I am just starting this afghan. How did it turn out? I just purchased “The Ultimate Book of Knit Afghans” and just loved the look of “Fisherman” which is the one you started in January. I’m going to use an off white worsted yarn. What color did you use and was it a “fun” project?

Hi Daune,
Sorry I didn’t reply sooner. I was kind of embarrassed that I hadn’t finished it yet, and also wasn’t really happy with the initial “finishing” efforts I had made! But I will explain, and maybe you can benefit from my blunders!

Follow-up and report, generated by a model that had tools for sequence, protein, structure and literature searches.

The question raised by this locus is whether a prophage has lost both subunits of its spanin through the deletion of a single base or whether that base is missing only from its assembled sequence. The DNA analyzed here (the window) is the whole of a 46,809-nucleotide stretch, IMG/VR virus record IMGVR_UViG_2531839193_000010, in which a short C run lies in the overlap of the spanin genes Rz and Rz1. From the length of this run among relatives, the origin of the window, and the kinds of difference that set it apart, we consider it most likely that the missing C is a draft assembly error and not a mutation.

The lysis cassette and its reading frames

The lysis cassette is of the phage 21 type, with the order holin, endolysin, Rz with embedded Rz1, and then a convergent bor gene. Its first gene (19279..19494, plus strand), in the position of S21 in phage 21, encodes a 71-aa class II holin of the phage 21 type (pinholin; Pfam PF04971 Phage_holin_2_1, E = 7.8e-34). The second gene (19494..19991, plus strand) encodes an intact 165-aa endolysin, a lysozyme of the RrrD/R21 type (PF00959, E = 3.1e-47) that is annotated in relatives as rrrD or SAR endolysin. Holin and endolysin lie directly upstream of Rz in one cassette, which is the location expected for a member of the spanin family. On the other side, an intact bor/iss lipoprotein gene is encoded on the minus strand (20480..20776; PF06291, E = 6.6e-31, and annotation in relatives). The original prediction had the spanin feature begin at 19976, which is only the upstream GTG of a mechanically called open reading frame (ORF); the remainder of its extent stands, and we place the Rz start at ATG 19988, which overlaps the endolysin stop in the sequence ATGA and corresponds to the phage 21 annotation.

First, I used Caron Simply Soft Plum Wine yarn. Nothing fancy, but came out really nice. I really enjoyed knitting all the pieces, and of course, like most knitters, didn’t enjoy the finishing part nearly as much. (Actually, that’s why I like to do afghans – they usually don’t require any sewing together at the end! But a friend saw the picture and requested this one, so …) I tried to block all the pieces to the same size by pinning them down and then spraying them with water until they were wet. I let them dry, took them up, and found they were still stretchy and flexible (partly just the characteristics of this yarn, I think), and still curled a little on some of the sides. I actually did this several times, but it didn’t really seem to make much difference. Then I looked up kitchener stitch online, but everything I could find was for joining stitches head-to-head or head-to-side. This project required joining side-to-side. I’ve done mattress stitch for side-to-side before, but that’s when both pieces have the same number of stitches. Well, I was in a hurry to complete it, so I did mattress stitch anyway, and just skipped stitches once in a while on the longer piece. I felt kinda guilty the whole time, thinking that this was “wrong,” but I did it anyway. It actually looked nice joining the 3 middle pieces together. (They’re closer to the same length, too.) I joined one of the outer panels that way, too, and it looked okay. Then I ran out of time, and had to put it on hold for a while. When I came back to it, I found some info about back stitch. I decided that’s probably what I should have used, at least for the 2 outside pieces. I used that to put on the last outside piece, and it doesn’t look that much different from the one where I used mattress stitch, but I think it was a little easier for me (even though it’s not very “knitterly.”) Right around the end of all of this, I was looking at the directions again (duh), and it actually says, “Hold [B]wrong[/B] side of one Panel C facing [B]wrong[/B] side of one Panel B; sew panels together.” I looked very closely at the picture again, and it looks like maybe you’re actually supposed to see a seam sticking up on the right side of the afghan. Oh well, that’s not how I did it, and all in all, I’m happy with mine. Just have to do the fringe now.